Mount Bures
Local government

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Victoria County History

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Janet Cooper (Editor)

Year published

2001

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74

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'Mount Bures: Local government', A History of the County of Essex: Volume 10: Lexden Hundred (Part) including Dedham, Earls Colne and Wivenhoe (2001), pp. 74. URL: http://www.british-history.ac.uk/report.aspx?compid=15164 Date accessed: 29 July 2014.


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LOCAL GOVERNMENT

In 1273-4 the lord of the manor held view of frankpledge, the assizes of bread and of ale, and gallows which probably stood on high land near Abrams farm beside the road to Chappel. In 1274-5 the earl of Cornwall's bailiffs did not allow the king's escheators into the manor. (fn. 85) Grants of free warren in Mount Bures manor were made from 1292. (fn. 86) Surviving court rolls from 1393 record courts baron and leet. Between 1446 and 1553 numbers sworn were usually from 20 to 30, between 1554 and 1645 usually from 10 to 20, and from 1646 until 1687 they were usually fewer than 10. Two constables were recorded from 1505 and aletasters from 1681. Business included transfers of copyholds, as well as ordering repairs of buildings, the removal of obstructions, and the scouring of ditches. In 1499 there was one case of bloodshed, and two in 1551. In 1531 the archery butts were decayed. From the 17th century most of the business was routine administration, (fn. 87) and the manor court was still being held in 1813. (fn. 88)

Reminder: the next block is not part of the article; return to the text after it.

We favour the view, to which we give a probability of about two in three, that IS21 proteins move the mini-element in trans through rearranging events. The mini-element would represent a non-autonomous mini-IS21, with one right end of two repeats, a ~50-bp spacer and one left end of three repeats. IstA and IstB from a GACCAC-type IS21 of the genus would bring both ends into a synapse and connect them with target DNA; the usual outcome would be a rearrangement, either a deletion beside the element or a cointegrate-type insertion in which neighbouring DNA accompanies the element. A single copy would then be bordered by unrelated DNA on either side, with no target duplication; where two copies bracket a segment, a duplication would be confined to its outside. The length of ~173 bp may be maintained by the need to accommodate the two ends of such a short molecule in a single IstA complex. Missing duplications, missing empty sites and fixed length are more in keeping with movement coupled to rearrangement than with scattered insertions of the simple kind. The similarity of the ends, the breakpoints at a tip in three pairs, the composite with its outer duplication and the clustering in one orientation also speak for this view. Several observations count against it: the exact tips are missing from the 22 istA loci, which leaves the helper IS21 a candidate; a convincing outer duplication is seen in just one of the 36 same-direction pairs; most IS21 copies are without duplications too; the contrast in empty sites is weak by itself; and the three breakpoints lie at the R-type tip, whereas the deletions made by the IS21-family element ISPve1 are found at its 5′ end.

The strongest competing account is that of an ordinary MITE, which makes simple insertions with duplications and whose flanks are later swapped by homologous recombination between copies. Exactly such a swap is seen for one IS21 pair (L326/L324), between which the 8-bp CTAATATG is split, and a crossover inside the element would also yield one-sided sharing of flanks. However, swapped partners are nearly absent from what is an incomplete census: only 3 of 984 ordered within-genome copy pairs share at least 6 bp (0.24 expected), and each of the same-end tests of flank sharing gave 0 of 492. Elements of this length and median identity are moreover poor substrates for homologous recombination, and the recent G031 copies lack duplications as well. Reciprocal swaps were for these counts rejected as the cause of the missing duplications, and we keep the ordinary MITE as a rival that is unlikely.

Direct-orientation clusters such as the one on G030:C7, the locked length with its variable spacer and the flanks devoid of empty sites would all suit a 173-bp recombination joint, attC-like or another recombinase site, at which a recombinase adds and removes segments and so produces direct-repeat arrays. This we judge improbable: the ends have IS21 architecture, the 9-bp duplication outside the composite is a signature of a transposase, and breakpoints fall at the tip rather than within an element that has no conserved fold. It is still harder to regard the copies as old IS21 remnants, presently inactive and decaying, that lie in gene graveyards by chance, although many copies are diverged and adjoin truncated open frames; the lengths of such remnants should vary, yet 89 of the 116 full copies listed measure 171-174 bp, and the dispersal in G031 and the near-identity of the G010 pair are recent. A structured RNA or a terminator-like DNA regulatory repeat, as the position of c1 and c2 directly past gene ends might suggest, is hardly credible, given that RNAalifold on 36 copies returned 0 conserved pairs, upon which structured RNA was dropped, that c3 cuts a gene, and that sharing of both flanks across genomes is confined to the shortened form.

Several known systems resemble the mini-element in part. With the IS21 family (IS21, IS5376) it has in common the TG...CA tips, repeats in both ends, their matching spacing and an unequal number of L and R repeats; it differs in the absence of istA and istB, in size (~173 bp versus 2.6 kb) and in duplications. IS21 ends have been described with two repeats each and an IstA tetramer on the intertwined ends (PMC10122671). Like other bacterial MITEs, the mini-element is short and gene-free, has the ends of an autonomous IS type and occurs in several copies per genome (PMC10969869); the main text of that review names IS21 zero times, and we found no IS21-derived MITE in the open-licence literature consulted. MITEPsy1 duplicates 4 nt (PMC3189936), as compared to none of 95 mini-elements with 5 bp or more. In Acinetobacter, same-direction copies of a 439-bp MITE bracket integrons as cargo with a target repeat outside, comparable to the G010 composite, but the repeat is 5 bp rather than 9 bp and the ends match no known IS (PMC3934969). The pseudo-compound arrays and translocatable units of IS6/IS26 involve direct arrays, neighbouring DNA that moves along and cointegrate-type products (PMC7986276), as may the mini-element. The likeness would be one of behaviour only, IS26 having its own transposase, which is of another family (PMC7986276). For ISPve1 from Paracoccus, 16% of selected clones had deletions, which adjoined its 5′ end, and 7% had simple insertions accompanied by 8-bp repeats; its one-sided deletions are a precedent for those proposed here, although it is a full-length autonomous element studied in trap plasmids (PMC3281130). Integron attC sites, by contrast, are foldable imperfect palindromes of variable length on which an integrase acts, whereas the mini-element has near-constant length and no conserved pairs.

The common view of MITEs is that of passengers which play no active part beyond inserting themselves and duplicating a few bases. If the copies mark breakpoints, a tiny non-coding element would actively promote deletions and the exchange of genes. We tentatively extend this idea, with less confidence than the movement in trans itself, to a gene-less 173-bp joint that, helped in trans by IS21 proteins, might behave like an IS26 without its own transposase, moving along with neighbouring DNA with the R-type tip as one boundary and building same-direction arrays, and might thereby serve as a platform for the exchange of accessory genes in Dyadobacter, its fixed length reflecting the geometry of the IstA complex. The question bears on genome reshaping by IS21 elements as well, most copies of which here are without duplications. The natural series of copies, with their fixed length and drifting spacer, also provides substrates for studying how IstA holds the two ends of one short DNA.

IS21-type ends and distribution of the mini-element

There was a village pound close to Rumps at Garners Tye in 1504. (fn. 89)

In 1795, during the Napoleonic Wars, Mount Bures was combined with 6 neighbouring parishes to provide 3 men to serve in the navy. (fn. 90) A Tyburn ticket was issued to a parishioner in 1814. In 1823 the parish was accused of failing to repair the highway. (fn. 91)

The poor were said to be well provided for in 1670. (fn. 92) In 1803 the parish officers bought a cottage, Akermans, later called Solliers, as a workhouse. It was sold in 1841. (fn. 93)

Expenditure on poor relief in Mount Bures was always one of the highest per head in Lexden hundred. In 1776 costs were £27 and in 1783-5 averaged £85 a year. (fn. 94) Expenditure rose to £448 in 1801, equivalent to 35s. 10d. a head of population, and then fluctuated between £169 and £295 between 1802 and 1816, before rising to £355 in 1817, equivalent to 26s. 7d. a head. (fn. 95) It then ranged between £421 and £661 in 1818-32, equivalent to 32s. 2d. and 50s. 10d. a head, before falling to £397 in 1834, equivalent to 30s. 4d. (fn. 96)

Footnotes

85 Rot. Hund. (Rec. Com.) i. 139, 155; McMaster and Evans, Mount Bures, 47.
86 Morant, Essex, ii. 225; Cal. Pat. 1345-8, 529.
87 E.R.O., D/DMa M29; D/DU 103/1-9.
88 Ibid. D/DRc M35.
89 Ibid. D/DMa M29; McMaster and Evans, Mount Bures, 99, 140.
90 E.R. liv. 42.
91 E.R.O., Q/RSt 111; ibid. Q/SBb 472/80.
92 Ibid. Q/SR 423/43.
93 McMaster and Evans, Mount Bures, 98; E.R.O., Acc. 514 (uncat.), Deeds of former workhouse, 1802-89.
94 Ibid. Q/CR 1/1.
95 Ibid. Q/CR 1/9/16.
96 Ibid. Q/CR 1/12; Rep. Sel. Cttee. on Poor Rate Returns, 1822-4, H.C. 334 Suppl. App. p. 81 (1825), iv; ibid. 1825-9, H.C. 83, p. 61 (1830-1), xi; ibid. 1830-4, H.C. 444, p. 60 (1835), xlvii.